Just a few months ago, the intelligentsia from Boston to Berlin was mocking President George W. Bush and his neoconservative advisers as naive ideologues whose vision of spreading democracy throughout the Islamic crescent was going up in the flames of Iraq and Israel. That was then. Now, after successful Iraqi and Palestinian elections, baby steps toward reform in Saudi Arabia, an opening in Egypt, and peaceful demonstrations against the Syrian occupation of Lebanon, Administration critics are all but conceding that Bush may be on to something. "Despite all the numskull comments and lack of understanding of the area, you have to say there is good as well as bad," says one Cairo-based Western diplomat.
While happenstance has helped -- Yassir Arafat's death, for example, restarted the peace process -- some experts are beginning to credit a relentless America, too. "Bush has succeeded in shaking up the old order," says Middle East expert Eyal Zisser of Tel Aviv University. Indeed, now that Bush has won a second term, both erstwhile allies and stubborn satraps have been forced to face the fact that they'll have the hardheaded Texan to deal with for the next four years. Secretary of State Condoleezza Rice, who attended a Mar. 1 meeting in London on the future of the Palestinians, has tapped into the new reality by winning expanded commitments from NATO allies to train Iraqi security forces and from France to tighten the diplomatic screws on Syria.
But the White House has a long way to go before the seeds of democracy bear fruit. Among the challenges:
WINNING THE IRAQI PEACE. Majority Shiites must let minority Sunnis take part in governing, and the U.S. must make more Iraqi forces combat-ready to pave the way for a graceful exit.
ENCOURAGING ABBAS. Bush was roundly criticized in Europe for his low-key approach to the Israeli-Palestinian deadlock. But the election of reformist Palestinian President Mahmoud Abbas gives the White House reason to hope. Bush's challenge is to gently nudge Israeli Prime Minister Ariel Sharon toward withdrawals from occupied territories while pushing Abbas and Syria to crack down on terrorists. The U.S. has handled Abbas well, "largely by not appearing to embrace him too closely," says Jon B. Alterman, a Middle East expert at the Center for Strategic & International Studies. It will take deft diplomacy to sustain the fragile momentum.
WOOING THE ARAB "STREET." Recent events shattered the view that most Muslims reject American concepts of liberty and democracy. They're "starting to question the status quo in the region," says David Makovsky, a senior fellow at the Washington Institute for Near East Policy. "This gives the President a chance."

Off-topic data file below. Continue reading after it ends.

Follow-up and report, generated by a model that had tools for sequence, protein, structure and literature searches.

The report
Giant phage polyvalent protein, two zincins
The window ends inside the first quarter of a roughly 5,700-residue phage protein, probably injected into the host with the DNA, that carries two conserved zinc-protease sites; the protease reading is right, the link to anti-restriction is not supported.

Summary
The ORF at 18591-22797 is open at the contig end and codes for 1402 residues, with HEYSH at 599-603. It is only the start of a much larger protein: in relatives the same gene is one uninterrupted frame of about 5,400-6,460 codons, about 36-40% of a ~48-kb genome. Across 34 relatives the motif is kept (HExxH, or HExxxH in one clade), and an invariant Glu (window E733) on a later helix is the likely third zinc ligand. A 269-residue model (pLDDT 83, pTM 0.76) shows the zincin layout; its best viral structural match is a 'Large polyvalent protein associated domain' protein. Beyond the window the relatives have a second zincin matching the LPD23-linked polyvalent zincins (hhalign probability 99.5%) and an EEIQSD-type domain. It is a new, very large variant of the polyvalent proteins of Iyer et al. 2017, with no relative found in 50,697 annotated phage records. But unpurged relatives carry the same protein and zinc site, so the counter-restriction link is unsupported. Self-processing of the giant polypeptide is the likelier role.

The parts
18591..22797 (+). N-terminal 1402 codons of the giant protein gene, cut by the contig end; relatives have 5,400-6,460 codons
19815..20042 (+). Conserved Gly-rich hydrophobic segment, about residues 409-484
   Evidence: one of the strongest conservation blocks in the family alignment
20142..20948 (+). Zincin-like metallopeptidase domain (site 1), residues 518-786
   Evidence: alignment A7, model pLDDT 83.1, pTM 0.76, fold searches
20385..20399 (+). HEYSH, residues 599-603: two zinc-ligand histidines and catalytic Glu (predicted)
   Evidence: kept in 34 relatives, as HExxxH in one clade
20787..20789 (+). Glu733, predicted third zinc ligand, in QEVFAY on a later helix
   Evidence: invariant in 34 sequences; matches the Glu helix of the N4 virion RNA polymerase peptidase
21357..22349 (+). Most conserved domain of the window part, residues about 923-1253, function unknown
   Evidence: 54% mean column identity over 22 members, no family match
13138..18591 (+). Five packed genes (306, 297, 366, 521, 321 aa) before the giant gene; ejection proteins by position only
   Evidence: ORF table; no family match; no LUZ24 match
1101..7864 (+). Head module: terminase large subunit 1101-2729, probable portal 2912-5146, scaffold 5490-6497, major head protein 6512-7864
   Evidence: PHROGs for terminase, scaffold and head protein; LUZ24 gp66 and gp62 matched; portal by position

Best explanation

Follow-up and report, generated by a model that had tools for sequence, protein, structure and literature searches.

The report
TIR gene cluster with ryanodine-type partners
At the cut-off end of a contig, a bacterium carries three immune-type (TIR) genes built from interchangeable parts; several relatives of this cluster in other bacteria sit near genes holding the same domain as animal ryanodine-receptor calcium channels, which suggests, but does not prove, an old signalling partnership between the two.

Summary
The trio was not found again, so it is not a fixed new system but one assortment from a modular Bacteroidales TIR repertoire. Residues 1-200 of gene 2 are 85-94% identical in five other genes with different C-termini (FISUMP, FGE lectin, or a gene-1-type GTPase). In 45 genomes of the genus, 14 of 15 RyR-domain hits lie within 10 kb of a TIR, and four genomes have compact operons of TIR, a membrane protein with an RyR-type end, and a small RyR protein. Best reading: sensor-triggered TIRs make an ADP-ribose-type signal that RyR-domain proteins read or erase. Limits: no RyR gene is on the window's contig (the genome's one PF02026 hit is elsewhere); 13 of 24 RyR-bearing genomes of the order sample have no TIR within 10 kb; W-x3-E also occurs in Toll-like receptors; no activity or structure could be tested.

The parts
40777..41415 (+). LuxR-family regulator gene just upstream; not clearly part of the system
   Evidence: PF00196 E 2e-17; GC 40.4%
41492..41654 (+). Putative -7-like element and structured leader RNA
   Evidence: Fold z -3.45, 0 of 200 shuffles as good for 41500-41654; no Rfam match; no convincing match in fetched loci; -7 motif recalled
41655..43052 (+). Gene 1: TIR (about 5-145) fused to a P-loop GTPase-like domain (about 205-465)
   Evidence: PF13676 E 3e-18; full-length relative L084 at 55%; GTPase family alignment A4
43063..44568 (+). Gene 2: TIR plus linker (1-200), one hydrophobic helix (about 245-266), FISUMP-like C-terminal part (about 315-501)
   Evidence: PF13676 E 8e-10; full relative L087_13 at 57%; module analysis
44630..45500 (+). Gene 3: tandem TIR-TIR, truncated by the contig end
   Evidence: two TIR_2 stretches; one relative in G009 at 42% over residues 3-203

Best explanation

By working with Mideast reformers and nongovernmental organizations, the Administration may be able to promote incremental change. The goal: allowing democracy to flower while marginalizing radical Islamic groups -- Hezbollah in Lebanon, the Muslim Brotherhood in Egypt -- that might do well if elections were held today. "Everything in the past few months is just hopeful beginnings that could change overnight," warns Gerald M. Steinberg, a conflict expert at Israel's Bar-Ilan University. That's no doubt true. But just yesterday the neocons weren't given even a glimmer of hope.
Senate Commerce Committee Chairman Ted Stevens (R-Alaska) just complicated his plans to rewrite the 1996 Telecom Act. At a Mar. 1 broadcast industry meeting, he expressed interest in extending to cable TV the anti-indecency regulations that govern network broadcasts. Cable execs, who have reaped huge profits from foul-mouthed and risqu? shows such as The Sopranos and The L Word, will now redouble their efforts to resist any wide-ranging rewrite of the landmark telecom law. Unlike the political environment preceding the 1996 act, when the phone, cable, and broadcast sectors all wanted a change in the rules, today only the Bells are pushing for a rewrite that would offer greater deregulation. In addition to cable's new indecency worries, broadcasters fear a legal overhaul would include restrictions on their consolidation efforts.
Usually, diplomacy means quiet discussions between countries that have differences. But Secretary of State Rice is taking a new tack -- no-show diplomacy -- that seems to get results. After she abruptly canceled a trip to Egypt to signal her displeasure at the jailing of a political dissident, President Hosni Mubarak promptly moved toward competitive presidential elections for the first time. Then Rice put off a visit to Canada after Ottawa declined to join the U.S. missile defense program. One Administration official says Canada's decision was a factor; another insists the proposed April date just didn't work. But the message delivered was: It's Condi time.